Despite Bush’s appeal to Kerry supporters [in his acceptance speech], Cheney said the popular vote victory gave Bush a mandate and the Bush White House would continue pushing for the Republicans’ “clear agenda.”

Excuse me, but how the #@*! is a 51% victory a “mandate?”

In any other race, that would be called “barely squeaking by.”

Yes, it’s unusual for a presidential candidate to actually get more than 50% of the popular vote, but that still means 49% of the voters preferred someone else. If you broke a cookie in half, and got a 51%/48% split with 1% of crumbs, you wouldn’t notice the difference.

Last night there were state propositions hovering at around 53%/46%, and the LA Times thought they were too close to call. That kind of victory in a state race would never be considered a mandate, or a repudiation, etc. — it would have passed by the skin of its proverbial teeth. A 66% win? That would be a mandate. A 60% win? Maybe. But 51%? That’s a sign that you’d better look at what people wanted from your opponent, not a blank check to ignore half the population of the country.

5 thoughts on “Do the @#!$ Math

  1. Um, yep. I and a bunch of my friends have been talking, whining, sniveling, bitching and threatening to hide under a blankie and suck our thumbs all day re: the election results, and the interesting thing is, one of our group is French. She lives in Paris, or near enough.

    And SHE looked at the results and saw them as being a significant margin of victory, indicating clearly that it was a vote of confidence for the Bush government’s policies.

    We spent a long time trying to convince her that in fact the country is dramatically polarized, and a 3% difference was NOTHING.

    What scares all these thoughtful people I’ve talked to all day is the fact that most of us have no expectations — or even hope — that the Bush administration will, in fact, look beyond the “We won, nya, nya, nya” euphoria and address the fact that half the country in fact has serious issues with their policies….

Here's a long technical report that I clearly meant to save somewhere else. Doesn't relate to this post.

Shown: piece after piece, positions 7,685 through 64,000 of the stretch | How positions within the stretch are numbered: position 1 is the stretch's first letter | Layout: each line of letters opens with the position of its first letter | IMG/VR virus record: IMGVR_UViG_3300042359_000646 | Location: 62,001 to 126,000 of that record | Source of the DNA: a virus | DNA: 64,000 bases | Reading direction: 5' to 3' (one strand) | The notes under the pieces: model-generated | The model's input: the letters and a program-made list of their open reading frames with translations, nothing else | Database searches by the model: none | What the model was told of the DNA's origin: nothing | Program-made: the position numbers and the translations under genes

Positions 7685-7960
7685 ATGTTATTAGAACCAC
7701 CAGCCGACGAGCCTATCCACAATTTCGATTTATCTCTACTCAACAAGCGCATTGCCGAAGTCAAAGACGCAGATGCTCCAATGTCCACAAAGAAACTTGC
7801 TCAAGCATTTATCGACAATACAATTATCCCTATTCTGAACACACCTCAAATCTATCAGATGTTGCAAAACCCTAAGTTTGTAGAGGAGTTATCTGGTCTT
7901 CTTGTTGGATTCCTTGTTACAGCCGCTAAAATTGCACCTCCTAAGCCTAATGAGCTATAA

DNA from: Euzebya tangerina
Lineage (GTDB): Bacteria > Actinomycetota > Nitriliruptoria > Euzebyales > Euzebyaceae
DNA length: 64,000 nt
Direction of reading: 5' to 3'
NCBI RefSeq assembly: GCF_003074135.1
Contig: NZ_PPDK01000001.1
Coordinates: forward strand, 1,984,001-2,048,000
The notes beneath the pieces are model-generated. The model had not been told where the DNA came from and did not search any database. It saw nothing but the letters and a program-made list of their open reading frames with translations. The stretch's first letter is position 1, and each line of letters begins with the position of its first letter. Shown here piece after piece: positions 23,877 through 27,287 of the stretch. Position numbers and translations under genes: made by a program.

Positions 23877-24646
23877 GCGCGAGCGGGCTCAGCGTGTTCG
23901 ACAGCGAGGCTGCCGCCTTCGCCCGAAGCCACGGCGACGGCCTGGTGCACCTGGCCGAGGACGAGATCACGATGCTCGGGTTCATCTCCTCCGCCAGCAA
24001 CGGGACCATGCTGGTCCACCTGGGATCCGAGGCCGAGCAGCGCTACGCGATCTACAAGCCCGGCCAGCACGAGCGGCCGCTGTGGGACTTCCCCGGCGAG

2. Oh, and by the way, my French friend most decidedly did NOT want to see Bush win the election, so she was not looking at it from the victor’s viewpoint….

  3. They don’t see it as being stupid. There are plenty of well-informed, well-educated people whose beliefs about, among other things, the role of government and the role of the US in the world, lead logically to a vote for Bush. There are also plenty of right-wing nutjobs who irrationally believe they will be trapped in a handbasket to suicide-bombed, drug-soaked and oversexed hell should a Democrat end up in the White House. To be fair, the left-wing hippie vegan mystics who stayed home and cried on Wednesday have none of my sympathy either. Kerry was gracious; his supporters should be too. You can’t win a political contest unless you can convince people you’re not out to get them, and you can’t do that effectively if you’re bitter.

  4. […] The Governator is talking about a mandate. Politicians always do that when they win. 55% is a bit shaky, but with ~15 percentage points between him and Angelides, he’s at least more justified in claiming it than a certain Republican winner two years ago who only had a three-point spread. […]

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